What You Should Really Be Doing Rather Than Not Buying That Breakfast Bagel

Saving Money

We live in a culture where daily spending on little things such as a morning bagel, energy drink, coffee, or afternoon snack is a very common thing amongst Americans. Throughout the years, we have heard that we should be saving the money we use on such purchases towards investments to better our retirement. Many still continue to buy their daily fix, but with some form of guilt, thinking they are sabotaging their savings for the future.

However, this really isn’t the case.

The problem typically tends to be that so many people are honing in on scrimping on such minor spending, but often overlook the big purchases. It is much more crucial to pay attention to the larger expenses and how to consistently contribute towards your retirement savings. 

Unless you’re one of the many Americans that survive paycheck to paycheck, buying that daily fix of joy in the form of a coffee or an avocado toast is not that big of a deal. On the other hand, putting yourself in a lot of debt to support some of your life’s decisions can definitely be a destructive blow to your financial goals. These significant financial decisions can include things such as credit cars, vehicles, some form of housing, and education.

Education. The average tuition for the 2019 to 2020 school year was around $37,000 for studying at a private college. Those that went out of state to study at a public university had an average tuition of around $27,000. This doesn’t even include school supplies and housing, which can be around $12,000 more toward educational expenses.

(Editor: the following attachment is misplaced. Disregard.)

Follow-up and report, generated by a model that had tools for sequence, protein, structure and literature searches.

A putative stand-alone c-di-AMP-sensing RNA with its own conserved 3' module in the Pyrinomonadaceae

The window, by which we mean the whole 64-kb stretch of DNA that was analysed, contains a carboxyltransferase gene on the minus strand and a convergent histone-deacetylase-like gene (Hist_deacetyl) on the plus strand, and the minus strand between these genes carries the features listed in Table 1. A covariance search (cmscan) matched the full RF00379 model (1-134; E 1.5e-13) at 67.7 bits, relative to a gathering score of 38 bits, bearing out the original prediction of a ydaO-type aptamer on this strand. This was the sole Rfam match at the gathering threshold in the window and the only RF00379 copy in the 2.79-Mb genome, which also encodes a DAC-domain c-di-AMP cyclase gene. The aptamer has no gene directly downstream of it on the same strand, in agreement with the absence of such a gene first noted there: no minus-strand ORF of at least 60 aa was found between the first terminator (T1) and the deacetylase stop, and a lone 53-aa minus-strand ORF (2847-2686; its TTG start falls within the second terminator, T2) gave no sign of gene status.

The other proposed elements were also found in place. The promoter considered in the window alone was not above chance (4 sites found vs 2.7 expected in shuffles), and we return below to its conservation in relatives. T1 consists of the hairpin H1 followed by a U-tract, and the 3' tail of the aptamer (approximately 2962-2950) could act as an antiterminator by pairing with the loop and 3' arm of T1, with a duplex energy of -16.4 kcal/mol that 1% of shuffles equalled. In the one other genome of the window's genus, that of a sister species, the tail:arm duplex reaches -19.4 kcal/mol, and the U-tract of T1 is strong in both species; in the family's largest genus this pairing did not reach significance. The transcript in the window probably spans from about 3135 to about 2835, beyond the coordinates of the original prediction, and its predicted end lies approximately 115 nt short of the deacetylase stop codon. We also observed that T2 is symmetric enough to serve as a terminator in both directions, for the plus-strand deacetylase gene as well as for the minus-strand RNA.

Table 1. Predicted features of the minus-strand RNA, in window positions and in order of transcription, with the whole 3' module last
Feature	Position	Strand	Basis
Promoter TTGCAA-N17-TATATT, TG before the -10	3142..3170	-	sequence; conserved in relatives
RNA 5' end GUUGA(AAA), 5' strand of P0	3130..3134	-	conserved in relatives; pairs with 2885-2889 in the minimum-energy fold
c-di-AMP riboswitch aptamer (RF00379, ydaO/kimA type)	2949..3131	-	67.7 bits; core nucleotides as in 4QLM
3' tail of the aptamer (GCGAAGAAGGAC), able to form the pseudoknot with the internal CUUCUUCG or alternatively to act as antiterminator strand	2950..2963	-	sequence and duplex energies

And those looking to continue on for their bachelor’s or master’s degrees end up facing more expenses in the long run.

Though receiving an education can be quite crucial for many to achieve their career or life goals, it is also very important to ensure what kind of consequences these choices will affect their finances. Higher education should assist people to increase their income; it should not encumber their financial life. But the reality is that many educated and successful people are hundreds of dollars in debt due to their student loans, which they may only fully pay off just a few years shy from retiring.

For those that are considering higher education or have a child that is looking to go to college, it is very critical of how you perceive this move. Education should be seen as an investment decision. There are many people that end up is so much debt from pursuing their education without any plan or strategies on how to pay it back that it hinders their lives for a very long time–if not for the majority of their lives.